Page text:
There Are Huge Health Benefits of Drinking Water But How Much Should You Really Drink?
First Lady Michelle Obama was hit with a bit of controversy recently, when she recommended that Americans drink more water, but no matter which side of the political aisle you’re on, she’s right!
There are significant health benefits to drinking water every day, especially if you’re also cutting down on sugary soft drinks.
About 70% of our body mass is made up of water, and doctors recommend drinking eight glasses of water a day for good health.
Here are some of the many benefits of drinking water, and ways to be sure you’re getting enough.
Balances body fluids
Since your body is 60% water, it’s no surprise that your daily intake of this fluid helps your bodily fluids to control absorption, circulation, digestion and maintenance of body temperature. When your body gets low on fluids, your brain triggers the thirst mechanism that’s your clue to drink water or other fluids.
Controls calorie intake
Drinking water can suppress your appetite, limiting your food intake. Plus, substituting plain water for other, more calorie-filled liquids can definitely aid your weight-loss plan. Sodas can contain hundreds of empty calories and very little nutrition, so cutting back or eliminating them and drinking more water can result in faster weight loss. Drinking a glass or two of water before a meal can help you feel full and eat less.
Another tip for quicker weight loss is to add water-rich foods to your diet. Consuming more fruits, vegetables, oatmeal, beans and broth-based soups will give you a feeling of fullness because they’re absorbed more slowly by the body than calorie-dense foods. Drinking water also helps your body burn stored fat by improving liver function.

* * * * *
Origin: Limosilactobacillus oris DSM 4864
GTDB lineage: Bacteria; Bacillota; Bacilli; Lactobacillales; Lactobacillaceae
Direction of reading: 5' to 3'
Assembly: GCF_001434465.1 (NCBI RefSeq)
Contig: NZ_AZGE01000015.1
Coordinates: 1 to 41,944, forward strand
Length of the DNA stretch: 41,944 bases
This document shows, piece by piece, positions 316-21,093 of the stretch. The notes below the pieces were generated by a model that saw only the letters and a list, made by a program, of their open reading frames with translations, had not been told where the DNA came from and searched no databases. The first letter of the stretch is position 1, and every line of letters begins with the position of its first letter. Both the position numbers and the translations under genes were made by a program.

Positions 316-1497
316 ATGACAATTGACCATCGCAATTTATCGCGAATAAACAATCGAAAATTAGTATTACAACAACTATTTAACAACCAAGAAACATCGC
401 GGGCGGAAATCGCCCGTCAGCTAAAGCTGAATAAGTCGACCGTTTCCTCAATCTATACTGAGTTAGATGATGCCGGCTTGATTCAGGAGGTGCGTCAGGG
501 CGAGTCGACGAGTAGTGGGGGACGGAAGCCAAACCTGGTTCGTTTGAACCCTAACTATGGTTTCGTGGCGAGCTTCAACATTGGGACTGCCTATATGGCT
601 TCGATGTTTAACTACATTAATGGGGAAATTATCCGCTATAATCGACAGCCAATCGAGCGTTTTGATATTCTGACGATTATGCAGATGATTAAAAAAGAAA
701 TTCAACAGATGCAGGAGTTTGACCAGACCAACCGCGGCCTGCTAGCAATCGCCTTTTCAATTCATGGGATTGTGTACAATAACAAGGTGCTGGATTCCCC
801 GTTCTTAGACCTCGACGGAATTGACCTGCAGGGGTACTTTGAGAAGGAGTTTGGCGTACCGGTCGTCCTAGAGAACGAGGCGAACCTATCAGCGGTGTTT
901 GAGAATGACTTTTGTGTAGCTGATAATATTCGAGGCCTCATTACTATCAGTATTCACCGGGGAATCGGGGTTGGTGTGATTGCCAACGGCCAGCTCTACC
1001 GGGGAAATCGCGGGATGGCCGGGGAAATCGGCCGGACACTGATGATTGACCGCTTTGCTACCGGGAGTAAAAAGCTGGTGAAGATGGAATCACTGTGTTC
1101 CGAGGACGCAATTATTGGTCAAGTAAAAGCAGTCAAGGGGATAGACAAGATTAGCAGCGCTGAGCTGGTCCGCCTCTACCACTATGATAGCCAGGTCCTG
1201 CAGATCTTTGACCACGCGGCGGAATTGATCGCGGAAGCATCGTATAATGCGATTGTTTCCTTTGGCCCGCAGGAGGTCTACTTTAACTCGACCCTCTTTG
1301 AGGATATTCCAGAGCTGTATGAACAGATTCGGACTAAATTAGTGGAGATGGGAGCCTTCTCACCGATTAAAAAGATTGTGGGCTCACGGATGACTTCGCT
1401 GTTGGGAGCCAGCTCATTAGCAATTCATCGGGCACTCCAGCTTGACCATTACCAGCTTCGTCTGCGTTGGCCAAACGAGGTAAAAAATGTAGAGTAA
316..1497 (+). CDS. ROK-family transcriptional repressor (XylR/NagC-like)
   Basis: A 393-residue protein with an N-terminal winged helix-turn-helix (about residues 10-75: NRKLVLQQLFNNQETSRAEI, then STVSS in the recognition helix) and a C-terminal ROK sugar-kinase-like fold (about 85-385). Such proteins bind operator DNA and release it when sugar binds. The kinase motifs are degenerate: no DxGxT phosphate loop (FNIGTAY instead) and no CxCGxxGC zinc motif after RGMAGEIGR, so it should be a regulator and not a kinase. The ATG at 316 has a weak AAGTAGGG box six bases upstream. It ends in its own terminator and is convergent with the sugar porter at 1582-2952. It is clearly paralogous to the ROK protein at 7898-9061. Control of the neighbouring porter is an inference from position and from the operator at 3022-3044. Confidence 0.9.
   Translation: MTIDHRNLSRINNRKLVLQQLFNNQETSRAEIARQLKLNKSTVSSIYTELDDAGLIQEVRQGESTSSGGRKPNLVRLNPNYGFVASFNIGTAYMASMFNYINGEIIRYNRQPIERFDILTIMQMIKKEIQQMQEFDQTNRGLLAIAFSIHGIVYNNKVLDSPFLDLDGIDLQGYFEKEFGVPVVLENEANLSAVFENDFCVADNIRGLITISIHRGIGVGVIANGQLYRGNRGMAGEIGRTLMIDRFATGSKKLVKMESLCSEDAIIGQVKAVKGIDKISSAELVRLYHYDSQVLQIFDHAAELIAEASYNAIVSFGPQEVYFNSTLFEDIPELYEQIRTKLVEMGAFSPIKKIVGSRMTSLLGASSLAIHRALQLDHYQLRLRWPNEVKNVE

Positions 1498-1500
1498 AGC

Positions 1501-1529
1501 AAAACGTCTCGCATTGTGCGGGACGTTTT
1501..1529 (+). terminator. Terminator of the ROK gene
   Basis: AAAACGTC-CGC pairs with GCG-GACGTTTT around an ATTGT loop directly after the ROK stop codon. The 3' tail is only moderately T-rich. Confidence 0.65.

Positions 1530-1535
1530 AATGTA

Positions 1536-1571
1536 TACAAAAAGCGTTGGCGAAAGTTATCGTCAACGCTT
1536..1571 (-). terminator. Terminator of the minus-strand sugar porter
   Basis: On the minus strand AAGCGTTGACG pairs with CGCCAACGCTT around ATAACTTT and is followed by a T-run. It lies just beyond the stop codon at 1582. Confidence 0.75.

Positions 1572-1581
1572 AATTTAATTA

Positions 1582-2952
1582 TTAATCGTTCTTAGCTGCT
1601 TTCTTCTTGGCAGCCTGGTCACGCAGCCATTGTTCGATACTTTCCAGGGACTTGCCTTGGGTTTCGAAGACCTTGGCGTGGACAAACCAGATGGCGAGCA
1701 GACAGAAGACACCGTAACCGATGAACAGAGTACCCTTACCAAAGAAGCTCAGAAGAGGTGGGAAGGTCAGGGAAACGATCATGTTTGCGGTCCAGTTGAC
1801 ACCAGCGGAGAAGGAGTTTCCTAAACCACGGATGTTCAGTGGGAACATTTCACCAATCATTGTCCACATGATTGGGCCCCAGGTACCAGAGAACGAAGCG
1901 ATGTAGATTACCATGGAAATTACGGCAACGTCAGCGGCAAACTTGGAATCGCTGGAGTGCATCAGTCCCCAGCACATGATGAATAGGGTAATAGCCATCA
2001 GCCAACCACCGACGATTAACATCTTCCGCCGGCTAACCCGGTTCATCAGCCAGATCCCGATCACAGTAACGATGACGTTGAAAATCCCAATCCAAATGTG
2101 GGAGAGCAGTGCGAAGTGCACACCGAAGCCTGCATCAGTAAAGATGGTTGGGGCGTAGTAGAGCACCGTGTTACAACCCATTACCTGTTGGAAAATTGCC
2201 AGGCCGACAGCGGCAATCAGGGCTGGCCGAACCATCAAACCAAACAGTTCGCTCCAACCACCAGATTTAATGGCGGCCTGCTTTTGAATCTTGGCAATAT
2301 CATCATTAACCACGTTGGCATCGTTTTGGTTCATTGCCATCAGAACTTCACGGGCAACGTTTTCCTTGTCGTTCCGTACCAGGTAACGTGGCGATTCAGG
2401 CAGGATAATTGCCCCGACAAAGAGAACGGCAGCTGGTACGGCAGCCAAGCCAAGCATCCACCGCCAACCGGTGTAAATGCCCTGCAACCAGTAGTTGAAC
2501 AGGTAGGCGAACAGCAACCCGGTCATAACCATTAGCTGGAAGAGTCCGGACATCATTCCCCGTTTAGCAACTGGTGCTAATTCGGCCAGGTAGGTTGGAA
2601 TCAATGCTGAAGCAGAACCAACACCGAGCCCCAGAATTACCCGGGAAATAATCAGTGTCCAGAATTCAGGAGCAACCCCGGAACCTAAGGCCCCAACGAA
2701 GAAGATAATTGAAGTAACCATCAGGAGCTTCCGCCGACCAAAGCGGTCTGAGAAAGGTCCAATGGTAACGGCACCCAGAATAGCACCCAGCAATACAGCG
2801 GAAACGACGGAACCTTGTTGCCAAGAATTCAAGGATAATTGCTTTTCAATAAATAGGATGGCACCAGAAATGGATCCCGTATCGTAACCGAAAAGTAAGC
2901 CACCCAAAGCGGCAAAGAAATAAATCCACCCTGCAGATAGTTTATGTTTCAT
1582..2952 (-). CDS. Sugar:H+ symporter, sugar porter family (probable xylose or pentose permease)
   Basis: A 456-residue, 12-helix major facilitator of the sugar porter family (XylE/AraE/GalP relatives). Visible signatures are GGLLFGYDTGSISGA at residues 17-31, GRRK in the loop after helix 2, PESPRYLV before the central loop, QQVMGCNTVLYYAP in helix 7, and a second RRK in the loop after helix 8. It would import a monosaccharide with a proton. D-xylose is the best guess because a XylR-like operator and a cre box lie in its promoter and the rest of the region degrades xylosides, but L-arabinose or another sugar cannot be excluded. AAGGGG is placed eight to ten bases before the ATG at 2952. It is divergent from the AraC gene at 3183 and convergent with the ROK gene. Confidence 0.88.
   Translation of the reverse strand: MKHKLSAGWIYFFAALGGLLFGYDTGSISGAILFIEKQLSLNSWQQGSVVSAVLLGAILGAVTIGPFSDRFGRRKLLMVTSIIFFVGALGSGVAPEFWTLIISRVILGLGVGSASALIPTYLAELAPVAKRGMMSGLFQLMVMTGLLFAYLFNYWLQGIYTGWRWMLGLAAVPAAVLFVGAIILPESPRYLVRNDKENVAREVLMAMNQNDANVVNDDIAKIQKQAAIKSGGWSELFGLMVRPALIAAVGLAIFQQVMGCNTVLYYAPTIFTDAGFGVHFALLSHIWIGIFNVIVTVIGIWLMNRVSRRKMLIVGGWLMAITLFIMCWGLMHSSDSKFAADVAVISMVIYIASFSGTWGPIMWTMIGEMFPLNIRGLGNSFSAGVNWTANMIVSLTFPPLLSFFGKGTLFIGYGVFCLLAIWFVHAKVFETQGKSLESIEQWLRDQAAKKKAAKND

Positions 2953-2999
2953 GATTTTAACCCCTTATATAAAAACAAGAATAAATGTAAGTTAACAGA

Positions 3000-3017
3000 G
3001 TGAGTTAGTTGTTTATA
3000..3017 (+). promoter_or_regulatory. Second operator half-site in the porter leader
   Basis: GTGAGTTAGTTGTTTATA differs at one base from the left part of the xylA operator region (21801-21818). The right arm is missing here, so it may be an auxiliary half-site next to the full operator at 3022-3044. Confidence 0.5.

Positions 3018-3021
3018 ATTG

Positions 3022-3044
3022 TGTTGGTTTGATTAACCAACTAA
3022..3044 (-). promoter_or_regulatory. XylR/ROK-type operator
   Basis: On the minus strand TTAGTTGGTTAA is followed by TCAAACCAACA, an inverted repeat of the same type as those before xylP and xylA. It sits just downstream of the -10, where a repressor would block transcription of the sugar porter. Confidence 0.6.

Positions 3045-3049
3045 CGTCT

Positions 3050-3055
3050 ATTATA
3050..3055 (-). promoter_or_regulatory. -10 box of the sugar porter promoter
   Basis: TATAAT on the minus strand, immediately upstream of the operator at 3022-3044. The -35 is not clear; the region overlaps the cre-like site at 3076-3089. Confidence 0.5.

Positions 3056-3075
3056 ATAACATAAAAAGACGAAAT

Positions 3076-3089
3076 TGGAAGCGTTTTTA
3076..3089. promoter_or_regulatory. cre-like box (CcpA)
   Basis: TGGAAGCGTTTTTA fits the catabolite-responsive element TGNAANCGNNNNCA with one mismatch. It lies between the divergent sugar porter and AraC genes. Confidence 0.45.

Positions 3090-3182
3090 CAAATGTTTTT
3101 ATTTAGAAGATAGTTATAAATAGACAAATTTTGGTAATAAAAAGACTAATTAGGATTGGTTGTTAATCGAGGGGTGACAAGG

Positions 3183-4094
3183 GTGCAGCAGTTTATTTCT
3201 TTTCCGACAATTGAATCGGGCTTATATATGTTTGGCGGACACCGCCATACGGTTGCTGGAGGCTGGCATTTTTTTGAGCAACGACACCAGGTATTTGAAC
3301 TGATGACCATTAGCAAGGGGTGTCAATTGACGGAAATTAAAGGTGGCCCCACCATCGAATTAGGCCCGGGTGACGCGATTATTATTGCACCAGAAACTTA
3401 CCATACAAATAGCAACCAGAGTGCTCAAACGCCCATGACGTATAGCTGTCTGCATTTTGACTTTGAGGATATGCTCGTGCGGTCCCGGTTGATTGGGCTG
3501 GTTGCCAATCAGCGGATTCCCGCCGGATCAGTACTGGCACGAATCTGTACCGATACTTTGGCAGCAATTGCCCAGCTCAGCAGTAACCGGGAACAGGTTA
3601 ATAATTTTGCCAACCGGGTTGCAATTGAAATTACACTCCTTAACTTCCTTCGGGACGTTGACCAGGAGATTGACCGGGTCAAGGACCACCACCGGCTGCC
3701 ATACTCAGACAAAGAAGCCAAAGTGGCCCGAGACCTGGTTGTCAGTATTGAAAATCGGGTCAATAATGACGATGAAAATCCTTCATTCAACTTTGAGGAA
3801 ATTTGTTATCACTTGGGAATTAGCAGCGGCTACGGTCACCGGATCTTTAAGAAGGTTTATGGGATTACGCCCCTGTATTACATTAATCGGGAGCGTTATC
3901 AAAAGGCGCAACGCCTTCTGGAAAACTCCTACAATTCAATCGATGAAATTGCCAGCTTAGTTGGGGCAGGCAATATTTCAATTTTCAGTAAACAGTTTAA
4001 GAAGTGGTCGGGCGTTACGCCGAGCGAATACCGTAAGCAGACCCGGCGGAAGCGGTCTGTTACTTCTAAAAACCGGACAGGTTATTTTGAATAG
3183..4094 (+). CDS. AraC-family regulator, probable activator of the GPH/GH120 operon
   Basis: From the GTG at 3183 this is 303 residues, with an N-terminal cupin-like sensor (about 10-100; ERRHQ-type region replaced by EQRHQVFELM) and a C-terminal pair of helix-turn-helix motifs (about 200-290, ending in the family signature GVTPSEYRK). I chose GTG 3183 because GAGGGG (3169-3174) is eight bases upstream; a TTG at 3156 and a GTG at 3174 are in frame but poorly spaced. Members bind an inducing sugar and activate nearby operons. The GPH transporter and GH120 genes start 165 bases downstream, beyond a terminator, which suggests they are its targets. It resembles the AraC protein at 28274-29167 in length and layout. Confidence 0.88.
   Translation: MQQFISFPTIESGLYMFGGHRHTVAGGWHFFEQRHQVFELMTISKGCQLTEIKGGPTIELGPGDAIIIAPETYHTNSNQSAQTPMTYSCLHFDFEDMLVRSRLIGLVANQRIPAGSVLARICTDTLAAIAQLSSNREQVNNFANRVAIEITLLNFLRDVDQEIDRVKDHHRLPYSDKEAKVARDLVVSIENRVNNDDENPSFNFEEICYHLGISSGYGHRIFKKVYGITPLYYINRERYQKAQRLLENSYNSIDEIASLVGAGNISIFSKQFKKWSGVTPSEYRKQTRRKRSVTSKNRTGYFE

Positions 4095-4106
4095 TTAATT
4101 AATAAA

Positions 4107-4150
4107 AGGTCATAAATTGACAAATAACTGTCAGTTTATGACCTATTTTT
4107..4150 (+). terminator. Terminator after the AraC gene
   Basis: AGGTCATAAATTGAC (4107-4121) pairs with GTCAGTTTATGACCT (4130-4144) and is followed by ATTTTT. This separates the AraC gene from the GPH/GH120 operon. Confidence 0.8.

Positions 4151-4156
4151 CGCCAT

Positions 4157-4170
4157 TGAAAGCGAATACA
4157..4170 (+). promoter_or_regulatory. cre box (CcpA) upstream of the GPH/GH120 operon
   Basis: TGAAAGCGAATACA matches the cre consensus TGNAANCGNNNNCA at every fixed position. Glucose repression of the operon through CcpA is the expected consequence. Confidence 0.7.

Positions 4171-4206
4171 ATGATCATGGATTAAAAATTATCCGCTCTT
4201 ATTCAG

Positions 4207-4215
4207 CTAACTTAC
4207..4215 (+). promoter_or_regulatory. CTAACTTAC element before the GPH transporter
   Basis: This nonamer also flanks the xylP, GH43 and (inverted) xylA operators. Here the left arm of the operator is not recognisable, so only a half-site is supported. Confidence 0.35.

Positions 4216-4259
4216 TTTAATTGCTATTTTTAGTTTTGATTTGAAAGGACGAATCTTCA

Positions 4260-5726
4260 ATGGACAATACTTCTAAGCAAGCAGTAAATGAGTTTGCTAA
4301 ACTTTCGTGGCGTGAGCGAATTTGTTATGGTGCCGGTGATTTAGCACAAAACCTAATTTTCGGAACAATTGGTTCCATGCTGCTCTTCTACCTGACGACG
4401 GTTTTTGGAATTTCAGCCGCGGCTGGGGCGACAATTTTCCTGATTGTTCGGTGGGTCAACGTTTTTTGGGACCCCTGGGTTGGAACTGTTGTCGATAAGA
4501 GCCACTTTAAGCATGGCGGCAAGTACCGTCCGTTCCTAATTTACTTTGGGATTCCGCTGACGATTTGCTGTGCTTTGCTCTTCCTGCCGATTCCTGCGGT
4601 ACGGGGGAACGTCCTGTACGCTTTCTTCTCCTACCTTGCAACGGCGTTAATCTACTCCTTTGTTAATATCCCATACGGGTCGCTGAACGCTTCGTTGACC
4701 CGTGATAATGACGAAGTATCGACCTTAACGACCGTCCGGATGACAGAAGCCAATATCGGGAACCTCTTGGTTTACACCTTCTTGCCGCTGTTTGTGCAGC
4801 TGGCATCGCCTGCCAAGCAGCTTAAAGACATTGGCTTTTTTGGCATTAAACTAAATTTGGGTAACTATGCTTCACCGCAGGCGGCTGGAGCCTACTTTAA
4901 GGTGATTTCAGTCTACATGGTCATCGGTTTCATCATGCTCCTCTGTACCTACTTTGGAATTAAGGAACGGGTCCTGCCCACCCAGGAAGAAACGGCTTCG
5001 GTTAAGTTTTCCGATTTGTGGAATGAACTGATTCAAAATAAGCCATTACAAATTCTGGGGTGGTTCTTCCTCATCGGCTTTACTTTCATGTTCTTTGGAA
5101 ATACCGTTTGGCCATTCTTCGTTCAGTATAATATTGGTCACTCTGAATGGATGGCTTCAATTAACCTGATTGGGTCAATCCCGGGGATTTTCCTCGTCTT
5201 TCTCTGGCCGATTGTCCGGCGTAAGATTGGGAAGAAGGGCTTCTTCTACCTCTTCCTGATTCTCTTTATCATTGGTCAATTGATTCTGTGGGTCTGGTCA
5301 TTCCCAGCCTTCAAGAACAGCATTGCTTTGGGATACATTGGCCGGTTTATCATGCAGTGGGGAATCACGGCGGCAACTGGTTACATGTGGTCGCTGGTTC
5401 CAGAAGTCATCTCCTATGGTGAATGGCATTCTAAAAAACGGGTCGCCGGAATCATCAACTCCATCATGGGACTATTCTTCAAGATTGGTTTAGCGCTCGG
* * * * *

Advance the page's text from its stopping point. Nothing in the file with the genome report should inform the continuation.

Increases cognitive function
Your brain needs a steady supply of oxygen for optimal functioning, and drinking enough water helps your brain get all the oxygen it needs. Studies show that drinking eight to ten cups of water per day can result in a 30% increase in levels of cognitive performance. Drinking enough water also supports nerve function by keeping your electrolyte levels high. This is especially important for the nerves that transmit messages to and from your brain.
If there’s one time when you must drink enough water, it’s when you’re exercising, because muscle cells require an adequate supply of fluids for optimal performance. The American College of Sports Medicine recommends drinking about 17 ounces of fluid two hours before exercising, then drinking more at intervals to replace the amount lost by sweating. Muscle cells that don’t get the proper balance of fluids and electrolytes will shrivel, resulting in muscle fatigue. Drinking enough water will help your muscles work longer and harder before getting tired, so you build muscle faster.
If you suffer from joint pain, it’s even more crucial that you get enough water. Joints need moisture to stay flexible and strong. Drinking more water can ensure that your movements are smooth and free of pain.
Skin must be properly hydrated to look its best, and dehydration can result in dry, cracked, wrinkled skin. In addition to drinking enough water to hydrate skin from the inside out, lock in moisture with a good moisturizer. Adequate water intake may also combat skin disorders like eczema and psoriasis.